Sentence 1: I don’t know if it won't rain tomorrow.

Sentnece 2: I don’t know whether it won't rain tomorrow.

Which sentence sound natural to you? Is there a rule that we should use "if" rather than "whether" when the object clause is negative?

Thank you very much!

2 Answers 2


There are two possibilities:

  1. If you're referring to the off-chance that it may rain, for example when planning to wash your car, then you would say something like:

I want to wash my car, but I don't know that it won't rain.

Here the speaker is hesitant to start washing the car for fear that it will start to rain.

  1. If you're referring to knowledge of impending rain, then you could say:

A: Why are you washing the car?

B: You said it wasn't going to rain.

A: I don't know whether it isn't going to rain.

Note that although this is grammatically correct, it's highly uncommon and clumsy. At least to my ear, "whether" in itself already contains the "or not," i.e. the negative polarity which includes the option of something NOT happening, so there is no need to express it outright. The speaker would more than likely simply say:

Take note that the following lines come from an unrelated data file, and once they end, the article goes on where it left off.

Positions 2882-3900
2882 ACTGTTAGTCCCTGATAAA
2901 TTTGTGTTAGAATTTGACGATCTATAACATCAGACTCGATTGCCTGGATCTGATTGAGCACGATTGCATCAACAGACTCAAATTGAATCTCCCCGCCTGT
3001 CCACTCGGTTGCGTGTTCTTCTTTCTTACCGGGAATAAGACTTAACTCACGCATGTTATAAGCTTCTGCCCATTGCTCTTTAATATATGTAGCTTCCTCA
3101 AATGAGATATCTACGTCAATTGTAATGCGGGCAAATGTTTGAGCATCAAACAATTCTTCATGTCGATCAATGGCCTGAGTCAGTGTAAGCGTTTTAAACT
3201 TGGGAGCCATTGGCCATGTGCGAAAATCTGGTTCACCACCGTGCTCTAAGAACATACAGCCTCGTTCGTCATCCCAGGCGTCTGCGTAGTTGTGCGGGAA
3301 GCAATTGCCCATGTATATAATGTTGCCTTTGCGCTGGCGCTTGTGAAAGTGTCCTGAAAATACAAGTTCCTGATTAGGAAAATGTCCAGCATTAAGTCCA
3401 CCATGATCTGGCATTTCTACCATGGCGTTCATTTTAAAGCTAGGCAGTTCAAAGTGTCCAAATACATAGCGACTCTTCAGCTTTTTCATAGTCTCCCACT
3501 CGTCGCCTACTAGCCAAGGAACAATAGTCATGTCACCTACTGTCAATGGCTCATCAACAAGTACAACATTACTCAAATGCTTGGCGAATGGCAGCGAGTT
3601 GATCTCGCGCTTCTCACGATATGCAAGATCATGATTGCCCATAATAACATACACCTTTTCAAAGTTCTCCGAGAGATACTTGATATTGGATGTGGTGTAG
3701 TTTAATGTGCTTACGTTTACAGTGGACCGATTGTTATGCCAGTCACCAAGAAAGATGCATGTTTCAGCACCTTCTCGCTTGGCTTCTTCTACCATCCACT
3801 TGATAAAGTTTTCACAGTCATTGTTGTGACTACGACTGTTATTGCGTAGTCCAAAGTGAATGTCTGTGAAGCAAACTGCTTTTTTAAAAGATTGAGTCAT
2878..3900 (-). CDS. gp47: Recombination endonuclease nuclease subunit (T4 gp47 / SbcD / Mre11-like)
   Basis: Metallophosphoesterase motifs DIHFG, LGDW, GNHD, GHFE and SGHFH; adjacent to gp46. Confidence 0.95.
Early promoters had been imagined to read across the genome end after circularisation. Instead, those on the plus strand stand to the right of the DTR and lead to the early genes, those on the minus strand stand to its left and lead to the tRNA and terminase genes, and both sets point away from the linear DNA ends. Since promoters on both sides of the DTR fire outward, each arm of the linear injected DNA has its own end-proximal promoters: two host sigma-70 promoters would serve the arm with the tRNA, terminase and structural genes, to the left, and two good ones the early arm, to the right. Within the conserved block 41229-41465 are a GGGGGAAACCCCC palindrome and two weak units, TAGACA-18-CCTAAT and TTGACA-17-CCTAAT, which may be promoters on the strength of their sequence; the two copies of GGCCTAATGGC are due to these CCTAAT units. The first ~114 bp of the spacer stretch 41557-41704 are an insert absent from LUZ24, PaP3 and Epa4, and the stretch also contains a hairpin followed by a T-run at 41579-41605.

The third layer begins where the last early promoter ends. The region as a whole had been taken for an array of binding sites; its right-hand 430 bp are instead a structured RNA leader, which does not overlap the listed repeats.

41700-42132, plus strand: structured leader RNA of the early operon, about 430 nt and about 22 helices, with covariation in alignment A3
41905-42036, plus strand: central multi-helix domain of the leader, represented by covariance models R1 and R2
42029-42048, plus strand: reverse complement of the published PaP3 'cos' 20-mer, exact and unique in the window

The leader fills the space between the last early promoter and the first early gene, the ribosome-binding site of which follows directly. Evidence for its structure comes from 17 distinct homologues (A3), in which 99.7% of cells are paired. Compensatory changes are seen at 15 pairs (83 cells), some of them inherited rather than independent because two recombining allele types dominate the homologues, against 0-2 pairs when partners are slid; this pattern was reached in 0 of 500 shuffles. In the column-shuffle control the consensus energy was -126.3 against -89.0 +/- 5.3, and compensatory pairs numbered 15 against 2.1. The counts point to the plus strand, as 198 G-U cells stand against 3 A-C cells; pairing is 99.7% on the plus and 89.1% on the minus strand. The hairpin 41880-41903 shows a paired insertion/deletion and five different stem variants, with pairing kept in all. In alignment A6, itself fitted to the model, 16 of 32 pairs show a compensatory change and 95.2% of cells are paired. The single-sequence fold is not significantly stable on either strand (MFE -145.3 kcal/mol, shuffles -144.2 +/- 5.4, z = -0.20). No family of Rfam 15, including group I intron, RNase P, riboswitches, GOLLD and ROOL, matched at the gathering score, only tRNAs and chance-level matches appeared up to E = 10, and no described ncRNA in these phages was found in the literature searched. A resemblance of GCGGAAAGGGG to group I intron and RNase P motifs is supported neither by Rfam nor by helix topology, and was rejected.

I don't know whether it's going to rain.

Although "whether" is correct, I personally never use it in conversation - I always use "if" as do most of the people I know.

  • I agree. "I don't know THAT it won't rain" is acceptable, but "I don't know IF it won't rain" is not idiomatic. "I don't know if it will rain" means the same and is more idiomatic.
    – chapka
    Commented Jul 23, 2014 at 15:00

Neither phrase above sounds natural. Don't use the negatives and they become:

Sentence 1 . I don't know if it will rain tomorrow.

Sentence 2. I don't know whether it will rain tomorrow

Would you like to borrow my umbrella? :)

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